It’s time for another new release announcement. While the last new release announcements were all parts of existing series, this story is a true standalone. It’s also something for those of my readers who enjoy the lighter and funnier side of my writing.
Blasters of Forever is another story to come out of the 2017 July short story challenge. One of the big challenges of the July short story challenge project – beyond writing a story every day – is coming up with ideas for a whole month worth of short stories. So I sometimes need a little help to generate story ideas.
And so I found myself looking around the various generator sites on the Internet, while doing the 2017 July short story challenge, and eventually came across something called the merchandiseable toy generator, which generates names for the sort of toy franchises that come with tie-in cartoons. I played around with the generator and wrote down the best names I got, hoping that one of them would spark the inspiration for a story. In the end, however, I liked the various titles so much that I thought, “Why don’t I use all of them and write a story about someone who writes toy tie-in cartoons for a living?” And this is how Simon St. John and his many creations were born.
Now I have a deep and abiding love for cartoons, particularly for the toy tie-in cartoons of the 1980s. Of course, I know that they were basically just advertising, even though the toys they were advertising often weren’t even available in Europe. What is more, toy tie-in cartoons or indeed almost any kind of action cartoons were hardly ever seen on German TV in the pre-private television era, when only the most harmless and wholesome fare was permitted and even Porky Pig was cancelled as “too violent”. As for cartoons meant to advertise anything, including toys – forget it. That sort of thing was far too commercial and would never have been permitted.
However, in the 1980s my Dad worked in Rotterdam in the Netherlands and lived in an apartment which had cable TV, at a time, when cable TV was still a distant dream at home. Via cable TV, we received about ten different channels, which was a huge number in the three channel world of the pre-private TV era. Four of those channels were Dutch and Belgian TV (mostly dull, but sometimes it had cartoons and music), then we got the regular three German public channels (dull as usual) plus two German language private channels (much better, since they had soap operas and US TV shows).
But the very best TV channel available was the earliest incarnation of Sky, back when it broadcast nothing but music videos, 1960s US TV series and cartoons, lots of cartoons. The cartoons were broadcast in the context of a program called The DJ Kat Show, hosted by Linda de Mol and a puppet called DJ Kat. I loved The DJ Kat Show and in particular, I loved the cartoons. And the best cartoons were the many toy tie-in cartoons such as M.A.S.K., Jem, Transformers, Go-Bots, He-Man and the Masters of the Universe, She-Ra – Princess of Power, Bravestarr, Galaxy Rangers, Defenders of the Earth, Dungeons and Dragons, Thundercats, Care Bears, Rainbow Brite, My Little Pony and many others. I already homaged The DJ Kat Show in Cartoony Justice. Blasters of Forever is an homage to the cartoons I loved so much back in the day.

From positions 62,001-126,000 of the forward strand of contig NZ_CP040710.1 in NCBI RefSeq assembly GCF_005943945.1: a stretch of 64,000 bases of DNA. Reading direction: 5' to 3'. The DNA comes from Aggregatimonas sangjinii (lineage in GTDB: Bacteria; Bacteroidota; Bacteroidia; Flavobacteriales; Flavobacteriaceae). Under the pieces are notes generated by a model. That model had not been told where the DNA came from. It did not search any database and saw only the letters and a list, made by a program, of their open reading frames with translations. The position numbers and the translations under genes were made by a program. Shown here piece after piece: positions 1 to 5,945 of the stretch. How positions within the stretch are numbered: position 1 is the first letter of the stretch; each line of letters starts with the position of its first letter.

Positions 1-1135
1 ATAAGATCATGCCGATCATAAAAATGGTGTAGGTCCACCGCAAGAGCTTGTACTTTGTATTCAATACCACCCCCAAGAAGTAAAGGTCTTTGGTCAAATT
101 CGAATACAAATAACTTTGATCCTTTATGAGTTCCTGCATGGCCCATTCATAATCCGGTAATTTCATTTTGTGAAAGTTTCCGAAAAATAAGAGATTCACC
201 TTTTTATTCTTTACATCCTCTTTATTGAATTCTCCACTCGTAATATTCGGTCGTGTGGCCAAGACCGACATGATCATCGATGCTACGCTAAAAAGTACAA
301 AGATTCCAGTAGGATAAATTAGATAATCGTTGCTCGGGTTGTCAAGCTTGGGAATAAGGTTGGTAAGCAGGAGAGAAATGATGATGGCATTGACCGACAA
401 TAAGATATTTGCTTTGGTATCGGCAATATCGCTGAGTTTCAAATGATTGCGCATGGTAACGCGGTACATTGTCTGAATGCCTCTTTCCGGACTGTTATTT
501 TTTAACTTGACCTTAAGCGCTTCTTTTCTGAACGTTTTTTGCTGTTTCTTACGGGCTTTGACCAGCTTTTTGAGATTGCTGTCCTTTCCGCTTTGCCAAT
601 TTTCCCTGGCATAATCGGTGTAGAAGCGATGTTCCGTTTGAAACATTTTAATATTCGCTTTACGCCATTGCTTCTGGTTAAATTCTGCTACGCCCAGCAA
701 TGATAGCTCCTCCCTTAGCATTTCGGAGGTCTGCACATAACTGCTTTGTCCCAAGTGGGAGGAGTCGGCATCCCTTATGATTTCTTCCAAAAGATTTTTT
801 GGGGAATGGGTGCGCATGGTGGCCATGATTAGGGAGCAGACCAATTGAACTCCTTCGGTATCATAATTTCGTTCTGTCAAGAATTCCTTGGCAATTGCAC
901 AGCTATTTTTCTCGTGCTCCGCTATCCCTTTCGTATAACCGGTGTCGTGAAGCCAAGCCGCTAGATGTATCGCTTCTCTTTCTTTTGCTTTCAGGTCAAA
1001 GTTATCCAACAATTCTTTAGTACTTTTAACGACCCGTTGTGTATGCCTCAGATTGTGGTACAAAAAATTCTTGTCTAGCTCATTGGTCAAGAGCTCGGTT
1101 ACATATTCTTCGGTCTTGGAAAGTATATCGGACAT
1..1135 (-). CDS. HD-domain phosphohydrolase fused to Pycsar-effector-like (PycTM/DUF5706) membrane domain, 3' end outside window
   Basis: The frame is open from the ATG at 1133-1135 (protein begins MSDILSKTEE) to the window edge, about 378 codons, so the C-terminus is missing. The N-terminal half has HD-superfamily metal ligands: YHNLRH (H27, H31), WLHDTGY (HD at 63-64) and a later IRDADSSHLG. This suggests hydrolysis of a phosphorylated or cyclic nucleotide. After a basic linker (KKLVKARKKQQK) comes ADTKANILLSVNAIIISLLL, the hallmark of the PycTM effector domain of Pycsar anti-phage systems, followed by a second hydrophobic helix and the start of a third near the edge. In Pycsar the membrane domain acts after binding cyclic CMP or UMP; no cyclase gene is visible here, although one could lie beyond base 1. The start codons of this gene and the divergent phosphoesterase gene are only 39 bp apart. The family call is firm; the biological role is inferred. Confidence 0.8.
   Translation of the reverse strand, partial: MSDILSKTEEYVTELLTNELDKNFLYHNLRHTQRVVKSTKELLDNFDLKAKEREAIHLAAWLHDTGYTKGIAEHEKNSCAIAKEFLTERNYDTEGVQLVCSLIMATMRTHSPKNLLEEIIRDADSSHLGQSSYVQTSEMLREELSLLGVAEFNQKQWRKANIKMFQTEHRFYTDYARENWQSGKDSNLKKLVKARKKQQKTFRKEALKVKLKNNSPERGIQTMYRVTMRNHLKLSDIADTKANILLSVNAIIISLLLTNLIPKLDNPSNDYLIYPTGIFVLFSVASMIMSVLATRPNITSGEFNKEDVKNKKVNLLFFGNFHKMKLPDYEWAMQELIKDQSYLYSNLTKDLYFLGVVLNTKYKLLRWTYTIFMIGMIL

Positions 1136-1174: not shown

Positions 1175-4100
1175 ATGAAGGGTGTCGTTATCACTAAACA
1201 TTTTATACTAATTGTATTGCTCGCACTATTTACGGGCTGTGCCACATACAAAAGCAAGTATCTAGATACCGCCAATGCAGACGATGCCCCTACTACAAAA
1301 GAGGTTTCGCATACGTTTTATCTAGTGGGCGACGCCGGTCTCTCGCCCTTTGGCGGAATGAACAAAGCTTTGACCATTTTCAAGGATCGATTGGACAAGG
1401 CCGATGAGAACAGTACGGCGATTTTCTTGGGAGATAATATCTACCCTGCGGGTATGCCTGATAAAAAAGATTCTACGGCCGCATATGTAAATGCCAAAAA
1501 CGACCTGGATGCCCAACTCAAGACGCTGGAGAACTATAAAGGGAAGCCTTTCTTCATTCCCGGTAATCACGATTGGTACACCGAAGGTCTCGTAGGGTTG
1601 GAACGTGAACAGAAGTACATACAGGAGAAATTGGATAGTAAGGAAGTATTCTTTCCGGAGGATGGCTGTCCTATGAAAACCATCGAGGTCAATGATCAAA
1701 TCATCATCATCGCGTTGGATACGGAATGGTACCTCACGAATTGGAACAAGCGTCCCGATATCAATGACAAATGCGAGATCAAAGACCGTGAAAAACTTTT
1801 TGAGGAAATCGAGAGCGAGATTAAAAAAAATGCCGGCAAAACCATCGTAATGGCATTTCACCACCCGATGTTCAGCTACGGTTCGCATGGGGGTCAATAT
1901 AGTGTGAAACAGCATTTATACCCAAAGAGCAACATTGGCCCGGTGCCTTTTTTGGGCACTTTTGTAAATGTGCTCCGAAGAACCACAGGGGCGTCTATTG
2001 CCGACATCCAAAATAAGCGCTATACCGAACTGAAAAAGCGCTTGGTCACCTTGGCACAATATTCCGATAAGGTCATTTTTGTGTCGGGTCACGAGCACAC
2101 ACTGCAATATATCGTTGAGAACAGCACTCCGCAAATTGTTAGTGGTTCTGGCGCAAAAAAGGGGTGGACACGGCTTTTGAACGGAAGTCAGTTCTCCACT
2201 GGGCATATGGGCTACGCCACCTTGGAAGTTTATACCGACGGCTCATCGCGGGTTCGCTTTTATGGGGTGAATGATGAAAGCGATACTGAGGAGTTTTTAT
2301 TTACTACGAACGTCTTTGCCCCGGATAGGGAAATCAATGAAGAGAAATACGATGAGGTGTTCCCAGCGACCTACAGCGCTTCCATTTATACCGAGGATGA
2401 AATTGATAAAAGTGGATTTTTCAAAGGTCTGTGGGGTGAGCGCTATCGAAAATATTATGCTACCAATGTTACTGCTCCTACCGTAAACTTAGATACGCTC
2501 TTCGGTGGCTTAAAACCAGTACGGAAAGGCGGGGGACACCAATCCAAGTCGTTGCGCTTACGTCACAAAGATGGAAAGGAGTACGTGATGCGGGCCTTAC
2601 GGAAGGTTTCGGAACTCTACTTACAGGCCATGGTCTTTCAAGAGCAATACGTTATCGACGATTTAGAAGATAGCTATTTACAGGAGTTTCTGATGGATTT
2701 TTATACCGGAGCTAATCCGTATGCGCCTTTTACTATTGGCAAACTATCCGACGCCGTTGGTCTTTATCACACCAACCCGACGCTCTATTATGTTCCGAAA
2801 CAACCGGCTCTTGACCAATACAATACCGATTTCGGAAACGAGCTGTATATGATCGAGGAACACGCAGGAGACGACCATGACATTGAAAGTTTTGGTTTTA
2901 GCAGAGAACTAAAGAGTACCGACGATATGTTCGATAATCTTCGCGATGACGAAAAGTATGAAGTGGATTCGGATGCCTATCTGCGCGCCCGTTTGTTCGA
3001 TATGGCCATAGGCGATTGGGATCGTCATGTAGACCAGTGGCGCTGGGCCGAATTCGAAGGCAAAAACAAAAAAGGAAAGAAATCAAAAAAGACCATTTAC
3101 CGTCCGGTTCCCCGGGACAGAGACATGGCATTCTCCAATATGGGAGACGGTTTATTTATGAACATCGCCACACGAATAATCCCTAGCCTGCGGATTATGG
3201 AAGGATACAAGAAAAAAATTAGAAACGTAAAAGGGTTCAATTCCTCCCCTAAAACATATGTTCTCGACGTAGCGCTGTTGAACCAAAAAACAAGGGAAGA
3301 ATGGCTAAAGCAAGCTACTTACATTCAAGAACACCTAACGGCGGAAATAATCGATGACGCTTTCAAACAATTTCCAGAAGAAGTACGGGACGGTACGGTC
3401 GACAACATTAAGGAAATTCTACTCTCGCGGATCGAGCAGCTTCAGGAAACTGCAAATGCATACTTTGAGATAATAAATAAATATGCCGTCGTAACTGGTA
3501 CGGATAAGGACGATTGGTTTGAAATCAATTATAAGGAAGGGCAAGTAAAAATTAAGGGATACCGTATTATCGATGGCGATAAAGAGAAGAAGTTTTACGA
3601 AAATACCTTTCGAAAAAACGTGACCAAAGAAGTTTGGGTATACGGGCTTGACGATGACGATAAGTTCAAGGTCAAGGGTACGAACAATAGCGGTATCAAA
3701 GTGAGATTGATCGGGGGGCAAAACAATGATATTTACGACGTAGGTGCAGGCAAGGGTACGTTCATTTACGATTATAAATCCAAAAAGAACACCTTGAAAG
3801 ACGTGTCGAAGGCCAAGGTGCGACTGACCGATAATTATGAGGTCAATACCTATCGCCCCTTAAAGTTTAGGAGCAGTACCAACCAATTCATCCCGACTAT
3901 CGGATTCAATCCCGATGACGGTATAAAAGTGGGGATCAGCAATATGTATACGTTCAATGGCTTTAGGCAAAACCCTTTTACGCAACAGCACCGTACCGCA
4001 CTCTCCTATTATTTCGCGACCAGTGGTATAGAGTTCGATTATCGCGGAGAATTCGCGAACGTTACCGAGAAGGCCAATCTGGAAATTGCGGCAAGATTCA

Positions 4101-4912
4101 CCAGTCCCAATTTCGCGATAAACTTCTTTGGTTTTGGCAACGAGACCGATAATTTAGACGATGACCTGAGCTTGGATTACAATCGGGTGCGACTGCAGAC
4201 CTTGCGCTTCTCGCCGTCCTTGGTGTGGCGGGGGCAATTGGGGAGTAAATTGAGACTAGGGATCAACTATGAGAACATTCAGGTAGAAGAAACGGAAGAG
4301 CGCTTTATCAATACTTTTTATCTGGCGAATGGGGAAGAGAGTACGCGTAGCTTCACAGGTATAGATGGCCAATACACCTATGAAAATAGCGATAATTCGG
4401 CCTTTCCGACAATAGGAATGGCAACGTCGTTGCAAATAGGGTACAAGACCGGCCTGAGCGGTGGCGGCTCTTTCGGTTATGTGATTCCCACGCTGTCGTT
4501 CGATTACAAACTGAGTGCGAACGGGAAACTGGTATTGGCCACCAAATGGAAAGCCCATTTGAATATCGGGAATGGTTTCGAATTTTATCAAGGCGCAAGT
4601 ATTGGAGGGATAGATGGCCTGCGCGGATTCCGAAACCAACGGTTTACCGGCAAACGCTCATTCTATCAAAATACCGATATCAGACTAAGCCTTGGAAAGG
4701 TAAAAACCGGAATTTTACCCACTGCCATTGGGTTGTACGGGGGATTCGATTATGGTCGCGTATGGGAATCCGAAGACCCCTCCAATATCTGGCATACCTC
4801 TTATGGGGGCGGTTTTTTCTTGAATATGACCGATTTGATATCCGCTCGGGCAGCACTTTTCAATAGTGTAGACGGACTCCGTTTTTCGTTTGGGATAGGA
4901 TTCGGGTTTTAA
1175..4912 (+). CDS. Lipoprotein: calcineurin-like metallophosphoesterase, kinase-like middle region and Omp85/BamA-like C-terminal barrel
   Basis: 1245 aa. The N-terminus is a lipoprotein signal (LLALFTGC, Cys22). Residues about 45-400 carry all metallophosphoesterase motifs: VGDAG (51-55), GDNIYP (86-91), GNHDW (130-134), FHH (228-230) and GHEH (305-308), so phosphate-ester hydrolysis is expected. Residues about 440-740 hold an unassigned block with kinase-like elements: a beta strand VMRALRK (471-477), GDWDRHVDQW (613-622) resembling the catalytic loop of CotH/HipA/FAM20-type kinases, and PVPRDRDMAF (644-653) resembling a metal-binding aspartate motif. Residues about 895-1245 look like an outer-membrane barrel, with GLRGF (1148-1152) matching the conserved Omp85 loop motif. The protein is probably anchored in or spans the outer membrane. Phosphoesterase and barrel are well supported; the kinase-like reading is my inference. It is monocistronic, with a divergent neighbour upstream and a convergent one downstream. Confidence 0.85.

Rewatching some of these cartoons as an adult shows that much of what I loved about them existed merely in my head (and that I totally missed all the hints that many of the characters are gay – well, they had to be, considering how very few women there were), because frankly they are not very well made. The animation is jerky, the stories often make little sense, any depth the characters have existed primarily in my mind and the “morality bits” at the end are as patronising as I remember them. However, you cannot help but admire the enormous inventiveness displayed in stories whose main purpose was selling some pretty silly toys to children.
Regardless of their actual quality, the toy tie-in cartoons I watched as a kid had a huge influence on me and also on my writing. These neon-coloured adventures embedded themselves in my subconscious and bits and pieces of them quite frequently emerge in the stories I write today. And yes, it is kind of embarassing, when you realise that some of your best ideas can be traced to some rather silly cartoons whose main purpose was selling stupid toys. Therefore, Blasters of Forever is also a story about how – to quote Captain Chronos – inspiration can be found in the strangest of places.